Experiencing simultanagnosia through windowed viewing of complex social scenes

Kirsten A. Dalrymple, Elina Birmingham, Walter F. Bischof, Jason J.S. Barton, Alan Kingstone

Research output: Contribution to journalArticlepeer-review

18 Scopus citations


Simultanagnosia is a disorder of visual attention, defined as an inability to see more than one object at once. It has been conceived as being due to a constriction of the visual "window" of attention, a metaphor that we examine in the present article. A simultanagnosic patient (SL) and two non-simultanagnosic control patients (KC and ES) described social scenes while their eye movements were monitored. These data were compared to a group of healthy subjects who described the same scenes under the same conditions as the patients, or through an aperture that restricted their vision to a small portion of the scene. Experiment 1 demonstrated that SL showed unusually low proportions of fixations to the eyes in social scenes, which contrasted with all other participants who demonstrated the standard preferential bias toward eyes. Experiments 2 and 3 revealed that when healthy participants viewed scenes through a window that was contingent on where they looked (Experiment 2) or where they moved a computer mouse (Experiment 3), their behavior closely mirrored that of patient SL. These findings suggest that a constricted window of visual processing has important consequences for how simultanagnosic patients explore their world. Our paradigm's capacity to mimic simultanagnosic behaviors while viewing complex scenes implies that it may be a valid way of modeling simultanagnosia in healthy individuals, providing a useful tool for future research. More broadly, our results support the thesis that people fixate the eyes in social scenes because they are informative to the meaning of the scene.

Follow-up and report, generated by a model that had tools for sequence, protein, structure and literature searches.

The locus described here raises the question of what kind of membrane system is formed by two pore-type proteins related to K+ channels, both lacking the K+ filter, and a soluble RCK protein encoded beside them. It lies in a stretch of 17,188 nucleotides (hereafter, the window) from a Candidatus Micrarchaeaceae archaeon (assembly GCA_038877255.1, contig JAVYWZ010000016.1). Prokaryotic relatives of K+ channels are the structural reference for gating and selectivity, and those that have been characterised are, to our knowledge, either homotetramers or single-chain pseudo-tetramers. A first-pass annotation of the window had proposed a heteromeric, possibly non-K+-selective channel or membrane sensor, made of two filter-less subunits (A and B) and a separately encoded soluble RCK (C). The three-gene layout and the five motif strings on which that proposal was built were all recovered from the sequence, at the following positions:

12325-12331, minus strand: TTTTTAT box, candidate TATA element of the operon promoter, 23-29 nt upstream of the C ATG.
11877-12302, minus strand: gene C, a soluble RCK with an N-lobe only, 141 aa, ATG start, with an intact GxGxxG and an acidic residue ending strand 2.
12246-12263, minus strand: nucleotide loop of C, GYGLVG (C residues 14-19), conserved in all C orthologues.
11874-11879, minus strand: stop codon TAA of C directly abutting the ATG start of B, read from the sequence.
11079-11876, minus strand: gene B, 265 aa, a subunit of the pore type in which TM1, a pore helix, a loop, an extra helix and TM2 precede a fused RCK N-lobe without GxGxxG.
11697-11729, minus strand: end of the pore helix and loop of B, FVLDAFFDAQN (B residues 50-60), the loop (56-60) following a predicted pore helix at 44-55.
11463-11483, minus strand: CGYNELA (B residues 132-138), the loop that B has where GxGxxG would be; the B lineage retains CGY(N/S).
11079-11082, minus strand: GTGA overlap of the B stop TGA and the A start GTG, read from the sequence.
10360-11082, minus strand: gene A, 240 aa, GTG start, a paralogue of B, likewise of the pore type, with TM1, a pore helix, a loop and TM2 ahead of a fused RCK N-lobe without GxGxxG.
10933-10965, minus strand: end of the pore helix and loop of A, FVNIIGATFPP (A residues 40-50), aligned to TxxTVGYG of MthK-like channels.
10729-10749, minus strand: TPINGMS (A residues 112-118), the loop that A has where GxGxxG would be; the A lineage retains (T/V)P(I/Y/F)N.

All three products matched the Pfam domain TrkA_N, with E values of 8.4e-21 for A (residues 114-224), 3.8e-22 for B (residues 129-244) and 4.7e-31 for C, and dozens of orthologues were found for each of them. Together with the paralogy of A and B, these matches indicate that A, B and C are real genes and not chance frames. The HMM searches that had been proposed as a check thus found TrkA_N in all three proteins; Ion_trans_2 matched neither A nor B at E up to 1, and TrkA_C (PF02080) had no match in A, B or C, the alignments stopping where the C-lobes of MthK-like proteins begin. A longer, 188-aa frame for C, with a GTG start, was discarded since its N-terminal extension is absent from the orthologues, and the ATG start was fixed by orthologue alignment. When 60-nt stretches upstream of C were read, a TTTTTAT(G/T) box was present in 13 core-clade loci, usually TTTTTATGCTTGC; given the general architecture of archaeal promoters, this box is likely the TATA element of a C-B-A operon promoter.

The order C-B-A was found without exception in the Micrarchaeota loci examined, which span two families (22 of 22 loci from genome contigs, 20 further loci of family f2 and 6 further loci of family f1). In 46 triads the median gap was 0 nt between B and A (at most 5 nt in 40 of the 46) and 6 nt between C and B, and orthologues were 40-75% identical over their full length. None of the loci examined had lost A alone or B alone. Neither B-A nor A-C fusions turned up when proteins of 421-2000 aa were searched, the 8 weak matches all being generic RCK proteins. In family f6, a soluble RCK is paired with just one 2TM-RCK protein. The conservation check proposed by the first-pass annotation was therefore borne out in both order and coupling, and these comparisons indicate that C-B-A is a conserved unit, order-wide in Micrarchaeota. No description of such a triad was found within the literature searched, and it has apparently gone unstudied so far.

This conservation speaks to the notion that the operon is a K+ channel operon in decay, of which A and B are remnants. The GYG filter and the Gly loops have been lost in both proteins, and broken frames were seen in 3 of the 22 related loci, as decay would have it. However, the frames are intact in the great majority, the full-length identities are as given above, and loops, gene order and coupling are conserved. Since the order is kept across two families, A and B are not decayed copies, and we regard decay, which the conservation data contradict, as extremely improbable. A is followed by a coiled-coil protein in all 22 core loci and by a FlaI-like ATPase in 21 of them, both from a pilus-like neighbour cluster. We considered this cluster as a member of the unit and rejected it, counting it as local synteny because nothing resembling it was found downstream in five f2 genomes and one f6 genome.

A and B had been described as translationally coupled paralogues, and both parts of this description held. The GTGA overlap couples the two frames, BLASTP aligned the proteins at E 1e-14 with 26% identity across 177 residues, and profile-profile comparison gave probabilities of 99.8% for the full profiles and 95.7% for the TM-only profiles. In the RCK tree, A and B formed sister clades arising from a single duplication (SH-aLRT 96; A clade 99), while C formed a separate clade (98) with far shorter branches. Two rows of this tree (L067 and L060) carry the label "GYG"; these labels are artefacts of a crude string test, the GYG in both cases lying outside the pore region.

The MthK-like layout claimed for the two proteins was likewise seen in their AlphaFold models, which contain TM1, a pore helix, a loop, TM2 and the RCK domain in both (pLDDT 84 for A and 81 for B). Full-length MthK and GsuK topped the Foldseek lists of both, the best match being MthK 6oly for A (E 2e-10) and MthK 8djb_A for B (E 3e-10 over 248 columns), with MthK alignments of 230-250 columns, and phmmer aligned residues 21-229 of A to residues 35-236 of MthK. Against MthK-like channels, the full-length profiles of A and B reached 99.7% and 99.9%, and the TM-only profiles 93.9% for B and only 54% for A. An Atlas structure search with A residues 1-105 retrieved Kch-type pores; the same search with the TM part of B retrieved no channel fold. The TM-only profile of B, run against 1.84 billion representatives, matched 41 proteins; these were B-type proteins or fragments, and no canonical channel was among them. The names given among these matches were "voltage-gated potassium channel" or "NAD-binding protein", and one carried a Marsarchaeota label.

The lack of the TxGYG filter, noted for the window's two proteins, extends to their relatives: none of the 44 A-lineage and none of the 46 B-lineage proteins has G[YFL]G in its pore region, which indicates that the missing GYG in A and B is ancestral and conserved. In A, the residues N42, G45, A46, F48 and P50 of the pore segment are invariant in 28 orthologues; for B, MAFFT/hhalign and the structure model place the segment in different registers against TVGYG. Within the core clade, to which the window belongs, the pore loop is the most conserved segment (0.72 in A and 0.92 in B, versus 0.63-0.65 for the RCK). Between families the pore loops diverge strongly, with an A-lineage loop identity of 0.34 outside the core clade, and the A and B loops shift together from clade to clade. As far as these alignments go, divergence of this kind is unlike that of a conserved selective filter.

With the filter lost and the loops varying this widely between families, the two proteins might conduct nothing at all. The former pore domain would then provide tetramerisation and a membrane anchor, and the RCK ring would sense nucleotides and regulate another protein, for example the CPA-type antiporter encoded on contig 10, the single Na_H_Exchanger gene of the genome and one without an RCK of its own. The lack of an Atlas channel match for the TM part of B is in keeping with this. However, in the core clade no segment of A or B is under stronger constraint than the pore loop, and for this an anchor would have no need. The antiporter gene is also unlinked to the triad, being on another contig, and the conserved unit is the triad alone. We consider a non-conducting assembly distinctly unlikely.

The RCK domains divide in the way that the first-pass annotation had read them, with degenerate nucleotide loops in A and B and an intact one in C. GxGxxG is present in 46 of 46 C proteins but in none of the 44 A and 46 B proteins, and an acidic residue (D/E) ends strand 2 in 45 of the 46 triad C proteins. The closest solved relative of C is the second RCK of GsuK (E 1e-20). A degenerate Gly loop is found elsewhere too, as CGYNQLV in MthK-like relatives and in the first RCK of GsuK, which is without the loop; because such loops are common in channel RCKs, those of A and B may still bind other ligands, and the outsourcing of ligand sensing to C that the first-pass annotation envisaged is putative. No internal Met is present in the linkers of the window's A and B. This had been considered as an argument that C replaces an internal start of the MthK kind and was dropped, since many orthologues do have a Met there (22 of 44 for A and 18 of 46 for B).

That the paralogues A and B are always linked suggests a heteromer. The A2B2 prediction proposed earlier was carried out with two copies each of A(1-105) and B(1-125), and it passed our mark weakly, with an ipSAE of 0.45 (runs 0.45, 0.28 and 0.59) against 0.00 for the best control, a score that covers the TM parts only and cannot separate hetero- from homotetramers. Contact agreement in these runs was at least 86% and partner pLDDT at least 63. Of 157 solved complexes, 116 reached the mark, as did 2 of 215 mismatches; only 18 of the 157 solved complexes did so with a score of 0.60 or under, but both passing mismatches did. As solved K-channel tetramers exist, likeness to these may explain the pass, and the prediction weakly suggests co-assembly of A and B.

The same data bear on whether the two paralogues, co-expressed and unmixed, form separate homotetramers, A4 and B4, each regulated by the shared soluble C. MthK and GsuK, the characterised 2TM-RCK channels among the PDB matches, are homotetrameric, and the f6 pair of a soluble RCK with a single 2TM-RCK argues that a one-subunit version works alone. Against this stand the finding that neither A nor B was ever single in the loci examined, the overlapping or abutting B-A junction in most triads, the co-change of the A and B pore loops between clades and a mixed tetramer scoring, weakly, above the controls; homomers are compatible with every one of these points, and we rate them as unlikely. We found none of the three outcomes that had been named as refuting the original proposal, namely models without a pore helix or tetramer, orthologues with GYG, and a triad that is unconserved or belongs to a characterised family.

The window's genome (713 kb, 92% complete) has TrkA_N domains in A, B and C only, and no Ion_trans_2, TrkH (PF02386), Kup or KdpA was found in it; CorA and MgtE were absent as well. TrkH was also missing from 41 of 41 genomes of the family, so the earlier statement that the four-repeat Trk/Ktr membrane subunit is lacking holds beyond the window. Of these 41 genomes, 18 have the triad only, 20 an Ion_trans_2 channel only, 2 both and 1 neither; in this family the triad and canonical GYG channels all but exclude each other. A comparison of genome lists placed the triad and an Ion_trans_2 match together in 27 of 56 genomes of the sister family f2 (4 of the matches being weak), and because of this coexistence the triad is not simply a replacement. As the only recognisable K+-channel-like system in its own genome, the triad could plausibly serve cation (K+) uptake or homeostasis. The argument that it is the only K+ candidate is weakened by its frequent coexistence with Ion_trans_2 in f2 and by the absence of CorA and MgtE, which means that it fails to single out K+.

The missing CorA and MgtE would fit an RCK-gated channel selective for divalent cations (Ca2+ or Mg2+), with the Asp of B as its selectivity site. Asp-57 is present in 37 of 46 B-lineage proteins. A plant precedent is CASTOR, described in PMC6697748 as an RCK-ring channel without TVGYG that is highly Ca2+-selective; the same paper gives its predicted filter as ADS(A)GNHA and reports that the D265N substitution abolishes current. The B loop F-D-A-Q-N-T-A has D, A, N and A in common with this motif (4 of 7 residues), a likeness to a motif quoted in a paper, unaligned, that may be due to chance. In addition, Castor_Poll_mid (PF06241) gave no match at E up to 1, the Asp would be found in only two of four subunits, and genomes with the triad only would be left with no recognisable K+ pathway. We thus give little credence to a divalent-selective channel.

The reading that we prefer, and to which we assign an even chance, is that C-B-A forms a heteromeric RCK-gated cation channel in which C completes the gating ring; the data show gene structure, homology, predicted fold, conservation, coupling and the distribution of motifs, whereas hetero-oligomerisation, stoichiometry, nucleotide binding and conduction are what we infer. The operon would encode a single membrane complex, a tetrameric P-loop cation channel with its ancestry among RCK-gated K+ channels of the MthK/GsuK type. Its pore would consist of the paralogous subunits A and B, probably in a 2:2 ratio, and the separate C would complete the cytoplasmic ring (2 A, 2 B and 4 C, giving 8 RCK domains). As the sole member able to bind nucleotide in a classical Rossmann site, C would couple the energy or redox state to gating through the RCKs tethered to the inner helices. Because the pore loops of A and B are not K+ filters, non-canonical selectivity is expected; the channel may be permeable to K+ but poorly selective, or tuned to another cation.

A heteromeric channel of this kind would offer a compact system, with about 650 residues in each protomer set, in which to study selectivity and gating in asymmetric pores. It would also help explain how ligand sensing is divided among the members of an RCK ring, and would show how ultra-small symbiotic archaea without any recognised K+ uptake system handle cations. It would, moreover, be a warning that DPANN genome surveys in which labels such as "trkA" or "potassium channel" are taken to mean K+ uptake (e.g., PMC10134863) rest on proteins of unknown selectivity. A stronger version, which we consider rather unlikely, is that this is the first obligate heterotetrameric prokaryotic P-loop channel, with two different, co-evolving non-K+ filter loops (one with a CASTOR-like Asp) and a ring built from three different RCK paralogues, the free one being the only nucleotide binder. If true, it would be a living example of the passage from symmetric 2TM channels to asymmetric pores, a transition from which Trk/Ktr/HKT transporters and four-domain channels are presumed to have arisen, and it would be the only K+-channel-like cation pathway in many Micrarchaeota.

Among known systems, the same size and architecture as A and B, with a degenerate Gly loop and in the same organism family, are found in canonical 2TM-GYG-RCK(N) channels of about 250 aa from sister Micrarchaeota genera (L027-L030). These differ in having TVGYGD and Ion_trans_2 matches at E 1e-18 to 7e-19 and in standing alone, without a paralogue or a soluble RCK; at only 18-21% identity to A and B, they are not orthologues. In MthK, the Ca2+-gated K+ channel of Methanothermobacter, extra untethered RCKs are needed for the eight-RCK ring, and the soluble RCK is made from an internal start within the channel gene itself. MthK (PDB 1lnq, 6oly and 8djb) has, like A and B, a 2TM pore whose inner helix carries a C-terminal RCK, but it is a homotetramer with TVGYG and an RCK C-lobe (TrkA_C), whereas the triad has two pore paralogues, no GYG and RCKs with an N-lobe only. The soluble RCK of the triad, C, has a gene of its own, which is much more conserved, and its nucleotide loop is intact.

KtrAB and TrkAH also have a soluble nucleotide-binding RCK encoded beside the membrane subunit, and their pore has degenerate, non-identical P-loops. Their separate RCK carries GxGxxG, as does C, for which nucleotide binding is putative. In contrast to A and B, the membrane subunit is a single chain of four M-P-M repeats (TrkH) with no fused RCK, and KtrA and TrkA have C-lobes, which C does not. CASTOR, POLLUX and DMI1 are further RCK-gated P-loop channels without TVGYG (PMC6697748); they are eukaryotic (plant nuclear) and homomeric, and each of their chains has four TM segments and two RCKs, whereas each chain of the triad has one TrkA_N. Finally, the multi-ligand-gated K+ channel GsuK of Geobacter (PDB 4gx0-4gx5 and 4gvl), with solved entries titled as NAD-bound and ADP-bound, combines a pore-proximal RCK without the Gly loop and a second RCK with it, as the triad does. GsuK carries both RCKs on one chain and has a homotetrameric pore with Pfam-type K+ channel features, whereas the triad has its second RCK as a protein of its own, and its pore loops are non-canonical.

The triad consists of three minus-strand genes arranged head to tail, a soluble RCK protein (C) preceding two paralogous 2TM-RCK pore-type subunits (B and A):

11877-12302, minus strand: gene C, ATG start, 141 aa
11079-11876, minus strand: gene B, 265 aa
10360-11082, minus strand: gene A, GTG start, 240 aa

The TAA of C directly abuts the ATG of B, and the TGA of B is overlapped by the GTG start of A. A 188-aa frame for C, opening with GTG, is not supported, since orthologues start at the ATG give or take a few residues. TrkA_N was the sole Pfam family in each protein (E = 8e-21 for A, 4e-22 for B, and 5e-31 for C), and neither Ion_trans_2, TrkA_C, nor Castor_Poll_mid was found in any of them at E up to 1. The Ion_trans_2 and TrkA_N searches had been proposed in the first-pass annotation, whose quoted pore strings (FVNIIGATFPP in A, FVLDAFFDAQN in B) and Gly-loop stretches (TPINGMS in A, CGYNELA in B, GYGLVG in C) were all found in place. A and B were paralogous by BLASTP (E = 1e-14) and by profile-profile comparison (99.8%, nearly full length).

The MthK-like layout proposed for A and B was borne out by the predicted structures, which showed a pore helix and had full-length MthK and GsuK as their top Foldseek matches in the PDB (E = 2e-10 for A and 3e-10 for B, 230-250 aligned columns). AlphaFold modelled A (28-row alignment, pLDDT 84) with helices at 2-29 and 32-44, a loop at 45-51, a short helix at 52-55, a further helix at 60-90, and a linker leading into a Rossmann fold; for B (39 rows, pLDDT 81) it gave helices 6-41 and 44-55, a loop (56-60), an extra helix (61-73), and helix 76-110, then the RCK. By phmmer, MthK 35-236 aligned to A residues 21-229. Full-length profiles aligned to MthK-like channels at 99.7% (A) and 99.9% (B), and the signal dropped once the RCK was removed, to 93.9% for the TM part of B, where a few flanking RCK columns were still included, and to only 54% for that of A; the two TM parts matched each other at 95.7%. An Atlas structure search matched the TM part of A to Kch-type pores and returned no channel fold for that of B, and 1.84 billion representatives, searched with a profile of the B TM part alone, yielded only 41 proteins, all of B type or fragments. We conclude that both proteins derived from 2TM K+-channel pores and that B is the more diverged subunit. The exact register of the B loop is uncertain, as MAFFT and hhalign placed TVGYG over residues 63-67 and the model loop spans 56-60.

Original languageEnglish (US)
Pages (from-to)265-277
Number of pages13
JournalBrain Research
StatePublished - Jan 7 2011
Externally publishedYes

Bibliographical note

Funding Information:
K.A.D. and E.B. were supported by the Natural Sciences and Engineering Research Council (NSERC) and the Michael Smith Foundation for Health Research (MSFHR) . A.K. was supported by NSERC, a MSFHR Senior Scholar award, the Human Early Learning Partnership, and the Hampton Foundation . J.J.S.B. was supported by a Canada Research Chair and MSFHR Senior Scholarship. W.F.B. was supported by NSERC. Thank you to S.L., ES, and KC, for their time and dedication to this project.

Copyright 2011 Elsevier B.V., All rights reserved.


  • Attention
  • Gaze-contingent
  • Simultanagnosia
  • Social scene perception


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